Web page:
Thursday, 7 June 2012

Welcome to my club

How easy it is to jump onto the bandwagon of popular opinion.
For years, UKIP have been labelled everything from fanatically anti-European to xenophobic for holding the view that the European Union was bad for Britain. As recently as a couple of years ago, throughout the early months of my tenure as an MEP, I received accusations of scaremongering if ever I suggested the Eurozone was doomed. Those critics have fallen strangely silent of late.
Now politicians from across the political spectrum are championing a British exit from the EU, warning of the dire economic consequences of prolonging the single currency without fiscal unanimity and bandying about suggestions of an in-out referendum. All of a sudden our party line is trendy.
One thing is for certain. For the single currency to survive member states must forge closer economic bonds, to the extent of becoming a single federal entity (the argument is that the EU has borders, a flag, an anthem, a Parliament, an army, foreign policy, a currency and laws, so the only thing separating it from a federal state is the lack of tax raising powers). If this does not happen, the Eurozone will, eventually, implode, and in doing so, force the UK into a decade of depression.
Of course, the UK would resolutely not wish to be part of a federalised super-state. It raises the question of what sort of relationship we could have with a new Europe. UKIP has always championed a relationship akin to the current Swiss model, where free trade and continental cooperation remain priorities, despite not being a member. This is now being mooted by politicians who but a few months ago championed a more integrated European Union, only to find their subject today ridiculed by fate.
Either way the tapestry that has been woven by Brussels over the last five decades is unravelling at an alarming rate. Spain requires a £100 billion bank bail out to save her finances. The incomprehensible nexus that has formed between the Spanish state and the banking sector means the Government can no longer sensibly bail out the very banks that have been bailing out the Government. The Spanish Finance Minister has resolutely denied needing a bail out, but we’ve heard this before. Greece, Portugal and Ireland all said the same thing. In the UK, the Government recapitalised British banks to the tune of £1 trillion, a measure that was widely criticised on the continent as too closely bound to Anglo-Saxon capitalism. But it saved us from the economic disaster we are now seeing affect banks in the Eurozone’s largest economies – even in Germany. It’s estimated at least £200 billion must be injected into Eurozone banks to stimulate borrowing capacity, but in order for this to happen Germany must essentially underwrite all single currency loans.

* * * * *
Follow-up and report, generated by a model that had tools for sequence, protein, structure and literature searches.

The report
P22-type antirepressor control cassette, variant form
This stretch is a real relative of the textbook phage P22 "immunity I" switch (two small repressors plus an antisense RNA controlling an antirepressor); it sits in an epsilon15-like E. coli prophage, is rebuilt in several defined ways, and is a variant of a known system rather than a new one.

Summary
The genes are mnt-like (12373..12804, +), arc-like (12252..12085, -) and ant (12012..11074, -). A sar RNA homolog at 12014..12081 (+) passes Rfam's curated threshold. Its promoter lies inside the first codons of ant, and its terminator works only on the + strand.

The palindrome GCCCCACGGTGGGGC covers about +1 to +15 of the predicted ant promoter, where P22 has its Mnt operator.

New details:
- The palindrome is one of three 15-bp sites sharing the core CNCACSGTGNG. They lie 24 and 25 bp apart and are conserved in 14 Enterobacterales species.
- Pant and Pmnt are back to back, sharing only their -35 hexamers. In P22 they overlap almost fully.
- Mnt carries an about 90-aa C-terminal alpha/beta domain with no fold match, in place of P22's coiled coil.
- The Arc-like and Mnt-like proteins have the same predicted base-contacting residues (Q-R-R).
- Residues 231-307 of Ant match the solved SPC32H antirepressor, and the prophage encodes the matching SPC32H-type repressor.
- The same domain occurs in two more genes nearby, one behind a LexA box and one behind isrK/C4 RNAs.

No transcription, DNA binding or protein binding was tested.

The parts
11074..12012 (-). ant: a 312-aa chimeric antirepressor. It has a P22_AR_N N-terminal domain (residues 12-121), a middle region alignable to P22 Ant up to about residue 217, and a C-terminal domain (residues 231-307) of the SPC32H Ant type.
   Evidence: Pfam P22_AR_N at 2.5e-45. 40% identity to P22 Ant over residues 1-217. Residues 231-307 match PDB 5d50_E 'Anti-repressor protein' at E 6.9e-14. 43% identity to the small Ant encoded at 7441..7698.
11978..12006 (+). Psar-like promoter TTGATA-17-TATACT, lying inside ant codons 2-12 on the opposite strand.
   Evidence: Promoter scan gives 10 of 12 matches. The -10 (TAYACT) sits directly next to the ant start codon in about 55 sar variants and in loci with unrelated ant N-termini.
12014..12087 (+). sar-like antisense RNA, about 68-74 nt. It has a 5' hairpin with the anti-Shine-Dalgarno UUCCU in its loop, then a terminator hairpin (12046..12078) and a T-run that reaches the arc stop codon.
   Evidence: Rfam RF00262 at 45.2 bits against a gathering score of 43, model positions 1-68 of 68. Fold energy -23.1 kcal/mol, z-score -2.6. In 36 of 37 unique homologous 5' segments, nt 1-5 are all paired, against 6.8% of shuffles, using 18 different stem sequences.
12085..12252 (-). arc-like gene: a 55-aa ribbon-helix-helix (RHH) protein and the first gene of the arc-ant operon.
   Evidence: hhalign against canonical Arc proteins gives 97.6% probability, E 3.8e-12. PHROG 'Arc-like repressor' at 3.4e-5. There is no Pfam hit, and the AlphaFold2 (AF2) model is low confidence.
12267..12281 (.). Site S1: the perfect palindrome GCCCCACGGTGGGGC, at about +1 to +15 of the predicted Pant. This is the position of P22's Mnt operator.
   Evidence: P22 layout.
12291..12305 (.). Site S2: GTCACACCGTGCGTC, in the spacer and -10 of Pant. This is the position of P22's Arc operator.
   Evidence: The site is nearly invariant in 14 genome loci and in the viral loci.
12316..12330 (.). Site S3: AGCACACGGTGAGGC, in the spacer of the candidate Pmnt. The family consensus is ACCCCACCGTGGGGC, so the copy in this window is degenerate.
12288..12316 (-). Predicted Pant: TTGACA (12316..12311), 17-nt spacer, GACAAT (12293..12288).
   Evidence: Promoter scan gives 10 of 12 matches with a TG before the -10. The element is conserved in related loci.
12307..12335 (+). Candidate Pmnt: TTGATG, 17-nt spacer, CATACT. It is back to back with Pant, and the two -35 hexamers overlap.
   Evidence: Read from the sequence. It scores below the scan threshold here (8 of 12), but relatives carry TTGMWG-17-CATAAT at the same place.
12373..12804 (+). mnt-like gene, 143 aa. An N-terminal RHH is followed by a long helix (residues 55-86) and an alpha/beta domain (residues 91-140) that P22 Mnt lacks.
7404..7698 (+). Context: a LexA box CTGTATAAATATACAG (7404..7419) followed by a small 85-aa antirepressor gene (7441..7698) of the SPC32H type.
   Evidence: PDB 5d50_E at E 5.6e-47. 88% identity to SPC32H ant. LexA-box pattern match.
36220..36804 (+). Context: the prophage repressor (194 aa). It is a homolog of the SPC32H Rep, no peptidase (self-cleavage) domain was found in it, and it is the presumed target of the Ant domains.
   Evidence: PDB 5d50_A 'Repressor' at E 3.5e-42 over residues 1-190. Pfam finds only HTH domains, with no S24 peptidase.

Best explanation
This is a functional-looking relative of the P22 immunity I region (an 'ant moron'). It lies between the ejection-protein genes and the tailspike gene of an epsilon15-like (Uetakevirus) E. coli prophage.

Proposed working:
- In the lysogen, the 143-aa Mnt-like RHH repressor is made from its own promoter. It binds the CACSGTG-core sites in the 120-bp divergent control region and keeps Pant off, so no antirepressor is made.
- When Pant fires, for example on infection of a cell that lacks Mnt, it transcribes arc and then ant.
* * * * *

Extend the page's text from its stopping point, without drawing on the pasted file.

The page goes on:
It’s understandable that Germany doesn’t like the idea of so-called “Eurobonds”. Why would they? Holding them culpable of the debts of their neighbouring countries is hardly going to seem fair to the majority of Germans. Meanwhile Spain wants a bail out with no strings attached. Of course they would. They can see what has happened in Greece, where desperately ill people are queuing outside pharmacies for life saving medicines as stocks run dangerously low. Germany does not want Spain to get a free handout without agreeing to fairly stringent conditions. And thus we are left trapped in an ever revolving circle of national self-interest that is leading critics to cry out for the greatest seismic shift in political power ever seen by Europe – the move to federalise the Eurozone before the clock ticks down, despite such a schismatic resolution flying in the face of democracy.
What about the UK? What do we want? We need Eurozone banks to be protected. Barclays is exposed to Spanish banks to the tune of £26.5 billion. RBS is liable to £14.6 billion if they do collapse, while Santander, one of the high street’s biggest financial retailers, is actually Spanish owned. Then there’s our economy. In many respects inextricably intertwined with European markets, not just through EU membership but as the result of simple geographic positioning.
The most sensible answer would be the UKIP option. Leave the EU, enhance trade with traditional partners in the Commonwealth and demonstrate neighbourly cooperation and free trade with Europe as is the modus operandi of Switzerland and Norway.
As part of the Queen’s Diamond Jubilee celebrations, a lunch with Commonwealth leaders was hosted at Buckingham Palace. We were reminded that our Queen is not just the head of state in the UK. She is Queen of Antigua, Barbados, Bahamas and Belize, Canada, Grenada, Jamaica and New Zealand, Papua New Guinea, St Kitts, St Lucia, The Grenadines, the Solomon Islands, Tuvalu and Australia, as well as being head of the 54 countries that make up the Commonwealth of Nations, including India, Nigeria, Pakistan, Singapore, South Africa and Kenya. These are long established natural allies of Britain, countries with a diverse diaspora, different geographical landscapes and as a result, present true international trade opportunities.
This year Commonwealth GDP will soar past the Eurozone’s. While the Eurozone will grow by only 2.7% if it manages to avert fiscal disaster, the Commonwealth will be boosted by 7.3% growth.
I’m not bitter that my views are now being championed when for so long they have been slated. I would be a poor politician were my pride more important than my conviction. I just hope the newest recruits to Eurosceptic ideology have strength enough to hold as steadfast to their beliefs. For what Britain and Europe needs more than anything right now is a steady hand on the tiller.

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